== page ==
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Re: [lmi] Goodbye to some old tools

From: Vadim Zeitlin
Subject: Re: [lmi] Goodbye to some old tools
Date: Fri, 29 Jan 2016 00:23:34 +0100

On Thu, 28 Jan 2016 03:07:39 +0000 Greg Chicares <address@hidden> wrote:

GC> On 2016-01-20 17:28, Vadim Zeitlin wrote:
GC> [...]
GC> > I didn't spend much time on this because IMO mpatrol shouldn't be used at
GC> > all nowadays, it's quite obsolete by now and it's probably better to use a
GC> > dynamic instrumentation tool such as DrMemory (http://drmemory.org/)
GC> > instead.
GC> I tried looking at it, but got a "unicorn". You use github, so I guess you
GC> know what that is.

 Actually I've only seen the elusive unicorn once before, in 6+ years of
using GitHub, so I completely forgot what it was and only realized that
it's the static image displayed by GitHub when it doesn't work after
rereading the sentence above thrice. And I do know that GitHub was
offline/inaccessible for several hours yesterday, although I still don't
know why (last time it happened it was strongly suspected to be a DDoS
backed by the government of a very populous Asian country unhappy with the
tools for circumvention of its national firewall being hosted there, so I
wonder who could have taken GitHub offline this time). So I guess this
explains why you saw the unicorn. But  this is definitely exceptional, you
were just very lucky to see it so soon after getting acquainted with GitHub.

GC> Searching elsewhere:
GC> https://www.chromium.org/developers/how-tos/using-drmemory
GC> | DrMemory supports Linux, but the support is not as robust.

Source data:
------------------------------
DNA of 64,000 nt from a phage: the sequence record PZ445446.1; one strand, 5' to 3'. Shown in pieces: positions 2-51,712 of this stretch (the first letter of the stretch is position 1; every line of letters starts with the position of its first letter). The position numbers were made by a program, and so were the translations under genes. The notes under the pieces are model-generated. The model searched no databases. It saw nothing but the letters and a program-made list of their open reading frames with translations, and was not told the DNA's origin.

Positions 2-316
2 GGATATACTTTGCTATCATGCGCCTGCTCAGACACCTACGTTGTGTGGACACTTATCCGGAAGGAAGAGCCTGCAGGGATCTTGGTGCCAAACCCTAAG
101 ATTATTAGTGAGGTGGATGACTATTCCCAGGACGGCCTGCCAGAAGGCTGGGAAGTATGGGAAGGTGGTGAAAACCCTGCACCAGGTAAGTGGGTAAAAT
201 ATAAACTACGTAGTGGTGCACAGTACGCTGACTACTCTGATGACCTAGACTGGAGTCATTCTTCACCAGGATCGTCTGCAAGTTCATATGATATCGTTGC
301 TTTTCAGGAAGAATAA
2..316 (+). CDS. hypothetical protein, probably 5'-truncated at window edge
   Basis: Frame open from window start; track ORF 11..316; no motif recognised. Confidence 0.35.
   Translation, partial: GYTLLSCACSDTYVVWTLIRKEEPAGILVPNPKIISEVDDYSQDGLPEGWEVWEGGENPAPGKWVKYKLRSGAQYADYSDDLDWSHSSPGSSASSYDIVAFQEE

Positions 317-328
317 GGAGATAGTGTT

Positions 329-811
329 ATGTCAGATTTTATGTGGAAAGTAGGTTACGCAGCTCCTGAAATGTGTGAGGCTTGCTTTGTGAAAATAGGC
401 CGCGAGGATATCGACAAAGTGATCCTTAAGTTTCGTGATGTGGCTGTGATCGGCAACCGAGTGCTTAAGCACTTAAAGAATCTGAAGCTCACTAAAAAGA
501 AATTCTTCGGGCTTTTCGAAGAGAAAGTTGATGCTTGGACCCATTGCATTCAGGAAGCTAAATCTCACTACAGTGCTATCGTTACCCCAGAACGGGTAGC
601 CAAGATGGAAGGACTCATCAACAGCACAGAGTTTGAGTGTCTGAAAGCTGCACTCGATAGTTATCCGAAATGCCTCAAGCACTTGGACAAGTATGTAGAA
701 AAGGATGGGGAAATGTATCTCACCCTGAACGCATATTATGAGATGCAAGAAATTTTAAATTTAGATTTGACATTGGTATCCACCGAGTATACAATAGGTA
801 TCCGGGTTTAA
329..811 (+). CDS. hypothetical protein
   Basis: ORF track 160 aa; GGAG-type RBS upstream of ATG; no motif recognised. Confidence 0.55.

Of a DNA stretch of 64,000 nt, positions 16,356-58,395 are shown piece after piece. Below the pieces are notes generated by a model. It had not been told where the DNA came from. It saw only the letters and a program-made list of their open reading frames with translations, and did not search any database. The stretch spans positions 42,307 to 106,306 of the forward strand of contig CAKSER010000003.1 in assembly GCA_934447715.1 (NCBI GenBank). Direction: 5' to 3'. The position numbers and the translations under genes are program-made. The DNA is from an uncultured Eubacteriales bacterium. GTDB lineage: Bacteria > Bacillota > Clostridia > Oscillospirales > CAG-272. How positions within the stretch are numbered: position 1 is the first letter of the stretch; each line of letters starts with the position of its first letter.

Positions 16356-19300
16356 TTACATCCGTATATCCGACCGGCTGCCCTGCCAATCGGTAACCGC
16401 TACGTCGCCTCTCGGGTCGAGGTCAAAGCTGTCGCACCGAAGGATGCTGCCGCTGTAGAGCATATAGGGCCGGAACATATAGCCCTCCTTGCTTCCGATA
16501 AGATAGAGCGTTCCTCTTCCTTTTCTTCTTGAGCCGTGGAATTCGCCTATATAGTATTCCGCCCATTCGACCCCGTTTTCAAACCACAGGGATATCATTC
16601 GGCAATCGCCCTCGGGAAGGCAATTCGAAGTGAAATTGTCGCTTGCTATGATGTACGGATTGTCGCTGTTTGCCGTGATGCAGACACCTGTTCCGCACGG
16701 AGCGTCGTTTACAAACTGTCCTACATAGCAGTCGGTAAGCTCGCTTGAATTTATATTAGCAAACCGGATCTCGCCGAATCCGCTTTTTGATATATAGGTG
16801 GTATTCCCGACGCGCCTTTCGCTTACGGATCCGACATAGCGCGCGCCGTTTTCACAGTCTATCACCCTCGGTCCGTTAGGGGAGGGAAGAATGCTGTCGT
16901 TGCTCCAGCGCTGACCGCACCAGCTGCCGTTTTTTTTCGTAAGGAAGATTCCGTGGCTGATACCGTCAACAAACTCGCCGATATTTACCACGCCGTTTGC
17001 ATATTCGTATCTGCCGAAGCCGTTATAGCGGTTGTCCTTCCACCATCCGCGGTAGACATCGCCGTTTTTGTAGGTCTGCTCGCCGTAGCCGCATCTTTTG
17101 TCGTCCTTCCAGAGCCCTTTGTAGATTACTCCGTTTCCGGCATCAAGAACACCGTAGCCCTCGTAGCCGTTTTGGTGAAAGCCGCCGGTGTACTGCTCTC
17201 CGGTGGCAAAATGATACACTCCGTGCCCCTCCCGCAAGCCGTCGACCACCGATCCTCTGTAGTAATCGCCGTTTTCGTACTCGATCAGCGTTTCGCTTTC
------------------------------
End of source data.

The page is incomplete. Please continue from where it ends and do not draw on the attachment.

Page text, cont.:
GC> | a promising tool, but just a bit too hard to use
GC> I would suppose that the GNU/Linux tools are more mature:

 Yes, I meant DrMemory for debugging under MSW only, sorry for not being
clear. There are better tools for Unix systems. But for MSW I am not aware
of any open source (or even just free) tools better than DrMemory.

GC> > Better yet, build lmi under Linux with address (and/or undefined
GC> > behaviour_ sanitizer, which is much faster than DrMemory or Valgrind but
GC> > still finds most problems. So for now I've just skipped this step.
GC> Sounds like a good idea. I guess we should also try building with clang.

 I'm ahead of you here and already tried building with it and it mostly
went fine, I just had to change configure to avoid passing gcc-specific
options to clang and also fix a couple of harmless (but justified) warnings
of its own. I'll submit these patches soon.

 I even used clang static analyzer but it didn't find anything interesting,
which is pretty impressive (unless I used it wrong as it's the first time I
do it outside its "native" OS X environment). The only remaining thing I'd
like to do would be to run the tests and the program itself under the
address sanitizer, but there are a few other things before this in my TODO


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